Pitts, M. 2008. Stonehenge, British Archaeology, 102, 1317Google Scholar
Richards, J. 1990. The Stonehenge Environs Project. London: English Heritage Archaeological Report 16Google Scholar
Rideout, J.S. 1997. Excavation of Neolithic enclosures at Cowie Road, Bannockburn, Stirling, 1984–5. Proceedings of the Society of Antiquaries of Scotland 127, 2968Google Scholar
Robinson, M. 2009. Ena Montana (Drap.) and Neolithic woodland regeneration in southern England. In Allen, et al. (eds) 2009, 198200Google Scholar
Ruggles, C. 1999. Astronomy in Prehistoric Britain and Ireland. New Haven & London: Yale University PressGoogle Scholar
Stone, J.F.S. 1947. The Stonehenge Cursus and its affinities. Archaeological Journal 104, 719Google Scholar
Stukeley, W. 1740. A Temple Restor'd to the British Druids. LondonGoogle Scholar
Sunstrom, L. 1996. Mirror of heaven: cross cultural tranference of the scared geography of the Black Hills. World Archaeology 28, 177–89CrossRefGoogle Scholar
Swaddling, J. 1980. The Ancient Olympic Games. London: British MuseumGoogle Scholar
Thomas, J. 2004. Materiality and traditions of practice in Neolithic south-west Scotland. In Cummings, V. & Fowler, C. (eds), The Neolithic of the Irish Sea. Materiality and Traditions of Practice, 174–84. Oxford: Oxbow BooksGoogle Scholar
Thomas, J. 2006. On the origins and development of cursus monuments. Proceedings of the Prehistoric Society 72, 229–42CrossRefGoogle Scholar
Thomas, J., Marshall, P., Parker Pearson, M., Pollard, J., Richards, C., Tilley, C. & Welham, K. 2009. The date of the Greater Stonehenge Cursus. Antiquity 83, 4053CrossRefGoogle Scholar
Thorpe, N. 1981. Ethnoastronomy: its patterns and archaeological implications. In Ruggles, C. & Whittle, A. (eds), Astronomy and Society in Britain During the Period 4000–1500BC, 275–88. Oxford: British Archaeological Report 88Google Scholar
Topping, P. 1982. Excavation at the cursus at Scorton, north Yorkshire, 1978. Yorkshire Archaeological Journal 54, 721Google Scholar
Vatcher, F. de M & Vatcher, L. 1973. Excavation of three post-holes in the Stonehenge carpark. Wiltshire Archaeology & Natural History Magazine 68. 5763Google Scholar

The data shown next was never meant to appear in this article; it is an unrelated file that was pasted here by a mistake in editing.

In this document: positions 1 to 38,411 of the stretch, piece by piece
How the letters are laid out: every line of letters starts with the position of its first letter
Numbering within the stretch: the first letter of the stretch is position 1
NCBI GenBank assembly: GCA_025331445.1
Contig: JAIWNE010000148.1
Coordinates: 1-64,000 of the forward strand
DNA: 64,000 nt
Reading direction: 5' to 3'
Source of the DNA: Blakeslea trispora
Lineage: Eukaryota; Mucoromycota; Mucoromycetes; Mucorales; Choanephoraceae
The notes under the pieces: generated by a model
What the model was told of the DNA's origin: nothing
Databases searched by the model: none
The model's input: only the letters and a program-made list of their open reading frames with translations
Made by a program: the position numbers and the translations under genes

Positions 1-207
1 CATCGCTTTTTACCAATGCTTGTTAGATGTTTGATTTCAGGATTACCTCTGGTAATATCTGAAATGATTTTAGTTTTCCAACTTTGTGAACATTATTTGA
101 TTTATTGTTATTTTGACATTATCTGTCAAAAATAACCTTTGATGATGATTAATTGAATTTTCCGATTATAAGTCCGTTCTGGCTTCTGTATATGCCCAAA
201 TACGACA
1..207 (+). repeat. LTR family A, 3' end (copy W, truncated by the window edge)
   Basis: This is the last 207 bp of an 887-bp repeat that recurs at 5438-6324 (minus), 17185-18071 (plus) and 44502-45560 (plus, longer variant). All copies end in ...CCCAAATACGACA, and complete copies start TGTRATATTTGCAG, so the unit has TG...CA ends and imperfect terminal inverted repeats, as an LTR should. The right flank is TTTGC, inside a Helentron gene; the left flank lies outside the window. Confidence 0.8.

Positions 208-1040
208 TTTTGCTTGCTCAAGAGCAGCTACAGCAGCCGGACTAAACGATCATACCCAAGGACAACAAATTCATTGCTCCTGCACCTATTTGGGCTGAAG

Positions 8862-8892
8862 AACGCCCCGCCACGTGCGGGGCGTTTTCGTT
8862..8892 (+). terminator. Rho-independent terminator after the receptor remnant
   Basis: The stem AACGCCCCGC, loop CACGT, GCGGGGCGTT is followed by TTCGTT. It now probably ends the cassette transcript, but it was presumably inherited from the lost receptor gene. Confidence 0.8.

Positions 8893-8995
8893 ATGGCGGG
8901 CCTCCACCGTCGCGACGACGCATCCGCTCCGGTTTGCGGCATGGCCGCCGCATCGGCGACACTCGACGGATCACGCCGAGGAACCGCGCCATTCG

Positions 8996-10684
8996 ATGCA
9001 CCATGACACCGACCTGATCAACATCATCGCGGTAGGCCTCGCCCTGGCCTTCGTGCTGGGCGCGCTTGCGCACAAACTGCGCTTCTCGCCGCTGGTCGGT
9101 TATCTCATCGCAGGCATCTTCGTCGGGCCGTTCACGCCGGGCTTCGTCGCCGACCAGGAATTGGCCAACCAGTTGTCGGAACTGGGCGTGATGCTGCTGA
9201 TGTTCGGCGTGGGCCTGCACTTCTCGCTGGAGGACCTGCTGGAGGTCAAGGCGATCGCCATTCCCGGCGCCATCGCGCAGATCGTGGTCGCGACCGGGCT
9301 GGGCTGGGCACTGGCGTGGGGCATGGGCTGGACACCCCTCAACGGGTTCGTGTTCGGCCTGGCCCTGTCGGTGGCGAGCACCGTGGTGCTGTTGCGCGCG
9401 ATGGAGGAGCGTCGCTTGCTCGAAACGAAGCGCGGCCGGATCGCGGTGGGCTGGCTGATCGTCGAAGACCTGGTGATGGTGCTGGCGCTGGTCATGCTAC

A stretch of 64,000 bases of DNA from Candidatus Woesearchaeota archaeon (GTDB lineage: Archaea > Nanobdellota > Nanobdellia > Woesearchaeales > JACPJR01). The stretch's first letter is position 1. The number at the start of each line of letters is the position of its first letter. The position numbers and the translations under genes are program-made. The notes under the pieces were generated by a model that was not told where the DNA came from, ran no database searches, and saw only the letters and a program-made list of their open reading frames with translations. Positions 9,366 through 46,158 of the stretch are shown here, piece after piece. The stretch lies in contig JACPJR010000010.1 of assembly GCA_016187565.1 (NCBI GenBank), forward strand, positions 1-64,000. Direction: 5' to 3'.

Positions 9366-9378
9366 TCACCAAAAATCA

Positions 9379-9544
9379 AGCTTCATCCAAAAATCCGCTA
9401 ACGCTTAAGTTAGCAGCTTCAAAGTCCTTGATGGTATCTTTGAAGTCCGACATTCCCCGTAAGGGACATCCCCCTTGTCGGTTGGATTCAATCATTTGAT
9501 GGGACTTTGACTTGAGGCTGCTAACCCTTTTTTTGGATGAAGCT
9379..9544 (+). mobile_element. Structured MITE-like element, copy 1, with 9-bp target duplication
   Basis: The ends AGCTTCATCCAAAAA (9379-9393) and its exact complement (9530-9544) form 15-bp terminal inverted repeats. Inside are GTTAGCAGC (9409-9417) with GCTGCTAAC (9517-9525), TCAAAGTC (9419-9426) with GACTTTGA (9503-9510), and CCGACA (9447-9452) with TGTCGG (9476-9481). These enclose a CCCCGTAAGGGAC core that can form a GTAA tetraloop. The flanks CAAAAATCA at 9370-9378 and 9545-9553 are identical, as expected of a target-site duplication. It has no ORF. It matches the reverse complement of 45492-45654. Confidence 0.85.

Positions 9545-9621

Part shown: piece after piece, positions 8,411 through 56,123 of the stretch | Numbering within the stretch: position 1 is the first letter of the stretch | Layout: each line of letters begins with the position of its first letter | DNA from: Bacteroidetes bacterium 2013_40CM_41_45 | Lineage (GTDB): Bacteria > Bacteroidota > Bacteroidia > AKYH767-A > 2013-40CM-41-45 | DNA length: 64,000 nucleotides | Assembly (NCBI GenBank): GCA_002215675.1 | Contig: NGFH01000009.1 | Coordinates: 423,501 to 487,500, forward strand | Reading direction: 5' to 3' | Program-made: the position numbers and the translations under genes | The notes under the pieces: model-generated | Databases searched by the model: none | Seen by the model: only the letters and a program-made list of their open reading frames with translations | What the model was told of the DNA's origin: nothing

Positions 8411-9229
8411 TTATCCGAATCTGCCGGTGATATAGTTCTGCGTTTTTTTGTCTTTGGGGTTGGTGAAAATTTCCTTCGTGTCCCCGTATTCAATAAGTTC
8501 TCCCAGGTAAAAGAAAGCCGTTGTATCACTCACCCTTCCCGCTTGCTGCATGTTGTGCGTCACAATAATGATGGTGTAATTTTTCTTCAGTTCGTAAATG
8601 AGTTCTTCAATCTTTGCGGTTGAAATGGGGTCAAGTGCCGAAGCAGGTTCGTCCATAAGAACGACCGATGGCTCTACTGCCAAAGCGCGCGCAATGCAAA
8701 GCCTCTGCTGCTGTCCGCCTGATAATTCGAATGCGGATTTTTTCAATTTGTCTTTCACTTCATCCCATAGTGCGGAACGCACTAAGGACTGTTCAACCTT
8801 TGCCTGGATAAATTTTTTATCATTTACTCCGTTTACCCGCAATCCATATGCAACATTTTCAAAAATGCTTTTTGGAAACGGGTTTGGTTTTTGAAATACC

Wainwright, G.J. & Longworth, I.H. 1971 Durrington Walls: excavations 1966–1968. London: Report of the Research Committee of the Society of Antiquaries of London 29Google Scholar
Watson, A. 2002. Round barrows in a circular world: monumentalising landscapes in Early Bronze Age Wessex. In Brück, J. (ed.), Bronze Age Landscapes: tradition and transformation, 207–16. Oxford: Oxbow BooksGoogle Scholar
Whittle, A., Atkinson, R.J.C., Chambers, R. & Thomas, N. 1992. Excavations in the Neolithic and Bronze Age complex at Dorchester-on-Thames, Oxfordshire, 1947–1952 and 1981. Proceedings of the Prehistoric Society 58, 143201CrossRefGoogle Scholar
Whittle, A., Healy, F. & Bayliss, A. 2011. Gathering Time. Dating the Early Neolithic Enclosures of Southern Britain and Ireland. Oxford: Oxbow BooksGoogle Scholar
Woodward, A. B. & Woodward, P.J. 1996. The topography of some barrow cemeteries in Bronze Age Wessex. Proceedings of the Prehistoric Society 62, 275–91CrossRefGoogle Scholar

Send article to Kindle

To send this article to your Kindle, first ensure no-reply@cambridge.org is added to your Approved Personal Document E-mail List under your Personal Document Settings on the Manage Your Content and Devices page of your Amazon account. Then enter the ‘name’ part of your Kindle email address below. Find out more about sending to your Kindle. Find out more about sending to your Kindle.

Note you can select to send to either the @free.kindle.com or @kindle.com variations. ‘@free.kindle.com’ emails are free but can only be sent to your device when it is connected to wi-fi. ‘@kindle.com’ emails can be delivered even when you are not connected to wi-fi, but note that service fees apply.

Find out more about the Kindle Personal Document Service.

The Greater Stonehenge Cursus – the Long View
Available formats
×

Send article to Dropbox

To send this article to your Dropbox account, please select one or more formats and confirm that you agree to abide by our usage policies. If this is the first time you use this feature, you will be asked to authorise Cambridge Core to connect with your <service> account. Find out more about sending content to Dropbox.

The Greater Stonehenge Cursus – the Long View
Available formats
×

Send article to Google Drive

To send this article to your Google Drive account, please select one or more formats and confirm that you agree to abide by our usage policies. If this is the first time you use this feature, you will be asked to authorise Cambridge Core to connect with your <service> account. Find out more about sending content to Google Drive.

The Greater Stonehenge Cursus – the Long View
Available formats
×
×

Reply to: Submit a response


Your details


Conflicting interests

Do you have any conflicting interests? *